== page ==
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Installing Steel Beams in an Existing House

This article is an example of how we provide all of the technical backup that is needed to undertake the most critical tasks. In this case, the removal of load-bearing walls in a £2.5 million house with prestressed concrete floors required long-span steel beams to be hydraulically jacked in order to eliminate movement of the supported structure due to dead load deflection.
Ascot beam 2011

In this project there were two beams: one at second floor level and one at the first floor. Each had bolted splice connections (see right panel) to enable the steelwork to be brought into the building and assembled in-situ. The beam rests on concrete padstones at each end, to ensure the end reaction does not exceed the crushing strength of the supporting masonry. In this case, one end is on an Engineering Brick pier while the left end is on the external cavity wall.

Supporting a Concrete Floor
The precast concrete floor units span onto the beam from one side only; hence the Acrow props are arranged beneath this area. At the foot of the props, the load is spread across the beam and block floor below using railway sleepers as spreaders.
All of this was carefully planned in advance by our Engineer and a Method Statement prepared, with diagrams and schedules of equipment needed, plus a step by step sequence of operations. This is vital to ensure the safe execution of the work and to ensure that the building is not damaged in the process.
Our Engineer and Technician were present on site to direct and assist with the procedure of jacking the beams and carefully shimming the supported floors to the exact dimension specified in the structural calculations. In each case, the calculated values perfectly matched the site conditions, and no movement was observed in the supported structure when the props were released. The jacking process was completed in less than a day for both storeys.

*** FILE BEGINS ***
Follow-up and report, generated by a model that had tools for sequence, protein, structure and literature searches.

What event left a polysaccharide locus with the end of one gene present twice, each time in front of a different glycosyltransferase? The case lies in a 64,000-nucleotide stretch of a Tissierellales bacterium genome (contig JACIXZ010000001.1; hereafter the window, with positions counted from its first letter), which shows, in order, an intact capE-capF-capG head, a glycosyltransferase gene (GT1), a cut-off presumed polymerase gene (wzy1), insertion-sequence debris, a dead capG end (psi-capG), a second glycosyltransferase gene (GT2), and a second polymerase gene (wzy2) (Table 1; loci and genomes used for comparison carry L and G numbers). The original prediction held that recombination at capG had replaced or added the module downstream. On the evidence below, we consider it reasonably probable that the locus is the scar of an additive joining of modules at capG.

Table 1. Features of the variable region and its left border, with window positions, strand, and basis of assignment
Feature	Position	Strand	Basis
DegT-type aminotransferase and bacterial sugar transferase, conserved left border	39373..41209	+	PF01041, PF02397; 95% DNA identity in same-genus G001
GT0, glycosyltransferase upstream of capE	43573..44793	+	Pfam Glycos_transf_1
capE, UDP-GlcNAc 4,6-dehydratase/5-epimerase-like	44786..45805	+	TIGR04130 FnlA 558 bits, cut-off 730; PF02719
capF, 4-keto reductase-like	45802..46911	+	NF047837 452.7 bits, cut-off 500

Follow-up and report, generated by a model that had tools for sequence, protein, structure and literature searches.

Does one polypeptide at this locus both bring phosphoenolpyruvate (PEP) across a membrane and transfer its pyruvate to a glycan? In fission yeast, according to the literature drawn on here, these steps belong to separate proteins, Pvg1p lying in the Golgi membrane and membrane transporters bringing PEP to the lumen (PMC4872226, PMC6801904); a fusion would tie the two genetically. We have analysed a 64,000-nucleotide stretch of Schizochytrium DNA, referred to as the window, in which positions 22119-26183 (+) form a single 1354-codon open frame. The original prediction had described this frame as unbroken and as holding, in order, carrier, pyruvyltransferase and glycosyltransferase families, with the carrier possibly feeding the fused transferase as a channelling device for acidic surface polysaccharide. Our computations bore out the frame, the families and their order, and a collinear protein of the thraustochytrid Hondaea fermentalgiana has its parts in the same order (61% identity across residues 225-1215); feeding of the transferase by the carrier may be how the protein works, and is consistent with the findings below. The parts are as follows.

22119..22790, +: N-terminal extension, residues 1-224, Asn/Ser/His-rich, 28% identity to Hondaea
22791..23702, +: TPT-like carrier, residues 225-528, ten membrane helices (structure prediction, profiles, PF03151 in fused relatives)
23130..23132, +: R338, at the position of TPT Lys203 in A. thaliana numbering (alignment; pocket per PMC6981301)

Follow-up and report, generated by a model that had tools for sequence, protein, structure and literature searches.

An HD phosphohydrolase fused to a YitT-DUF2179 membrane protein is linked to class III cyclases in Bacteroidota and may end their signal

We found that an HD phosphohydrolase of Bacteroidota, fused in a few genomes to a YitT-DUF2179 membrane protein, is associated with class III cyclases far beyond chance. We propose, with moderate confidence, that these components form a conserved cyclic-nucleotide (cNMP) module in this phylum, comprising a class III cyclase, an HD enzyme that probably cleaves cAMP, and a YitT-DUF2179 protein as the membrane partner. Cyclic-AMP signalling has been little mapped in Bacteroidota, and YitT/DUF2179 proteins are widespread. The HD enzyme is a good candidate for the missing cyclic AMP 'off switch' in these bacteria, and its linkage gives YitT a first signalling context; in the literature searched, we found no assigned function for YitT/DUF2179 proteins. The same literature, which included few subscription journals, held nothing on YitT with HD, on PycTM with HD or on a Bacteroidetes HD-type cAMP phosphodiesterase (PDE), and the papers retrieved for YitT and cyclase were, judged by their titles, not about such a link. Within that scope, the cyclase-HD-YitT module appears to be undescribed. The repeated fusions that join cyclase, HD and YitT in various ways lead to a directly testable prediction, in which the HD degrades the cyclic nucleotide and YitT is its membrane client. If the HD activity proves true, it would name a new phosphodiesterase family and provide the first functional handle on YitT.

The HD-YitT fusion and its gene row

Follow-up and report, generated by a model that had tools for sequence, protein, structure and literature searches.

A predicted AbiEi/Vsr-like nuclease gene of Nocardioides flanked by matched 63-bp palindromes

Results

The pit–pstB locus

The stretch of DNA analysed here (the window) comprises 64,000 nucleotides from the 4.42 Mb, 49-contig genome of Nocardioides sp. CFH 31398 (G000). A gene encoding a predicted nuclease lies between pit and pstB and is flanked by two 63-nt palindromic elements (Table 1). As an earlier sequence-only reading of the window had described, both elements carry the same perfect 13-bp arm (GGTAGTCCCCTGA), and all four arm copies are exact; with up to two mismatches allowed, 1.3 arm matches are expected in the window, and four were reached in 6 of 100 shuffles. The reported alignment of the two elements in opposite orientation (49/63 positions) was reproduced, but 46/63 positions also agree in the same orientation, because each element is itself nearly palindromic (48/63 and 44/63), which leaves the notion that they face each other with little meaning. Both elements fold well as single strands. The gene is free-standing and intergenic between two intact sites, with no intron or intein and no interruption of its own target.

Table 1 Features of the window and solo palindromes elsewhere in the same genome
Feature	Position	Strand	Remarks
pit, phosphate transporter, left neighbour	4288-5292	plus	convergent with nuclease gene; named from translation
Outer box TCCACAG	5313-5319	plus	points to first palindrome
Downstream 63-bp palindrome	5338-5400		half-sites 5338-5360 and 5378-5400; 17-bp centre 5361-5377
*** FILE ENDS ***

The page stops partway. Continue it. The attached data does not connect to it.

This is just one of the examples of how Structural Engineers Cambridge Ltd can help you in your project, from concept to execution. We have the technical experience and the practical know-how that ensures that critical aspects of the works are carried out correctly, efficiently and safely.
Credits
Location: Ascot, Berkshire
Design Engineer: Tony Bellamy
Site Engineer: Charles Tallack
Site Technician: Andy Chapman
Architect and Contractor: MSpace Ltd

203UCsplice2011Splice Connections

Bolted Splice Connections are a means of allowing long beams to be assembled in situ, while maintaining the strength of the beam. The above is a heavy-duty example used in a 203x203x60 UC section.

Note the use of High Strength Friction Grip (HSFG) bolts instead of ordinary bolts. These have load indicating washers that ensure the correct tightening force is applied. The washers have special dimples that are crushed flat as the bolt and nut are tightened.

The HSFG bolts are designed to resist slipping of the plates under design loads (unlike ordinary bolts that can bear on the sides of the holes under ultimate loads). The mating faces of the steelwork are de-scaled and degreased but not painted, to reduce the risk of joint slippage.

The plates at top and bottom are designed to carry the bending forces, while the plates each side of the web (not yet fitted in the picture) carry the shear force. The connection is specifically designed to handle the forces at that point in the beam.

These connections are usually used in Portal Frames and Loft Conversions.

If you have any questions about how these connections are designed, how to assemble them or how to obtain HSFG bolts, please contact us. We are happy to help.

Engineers Notes

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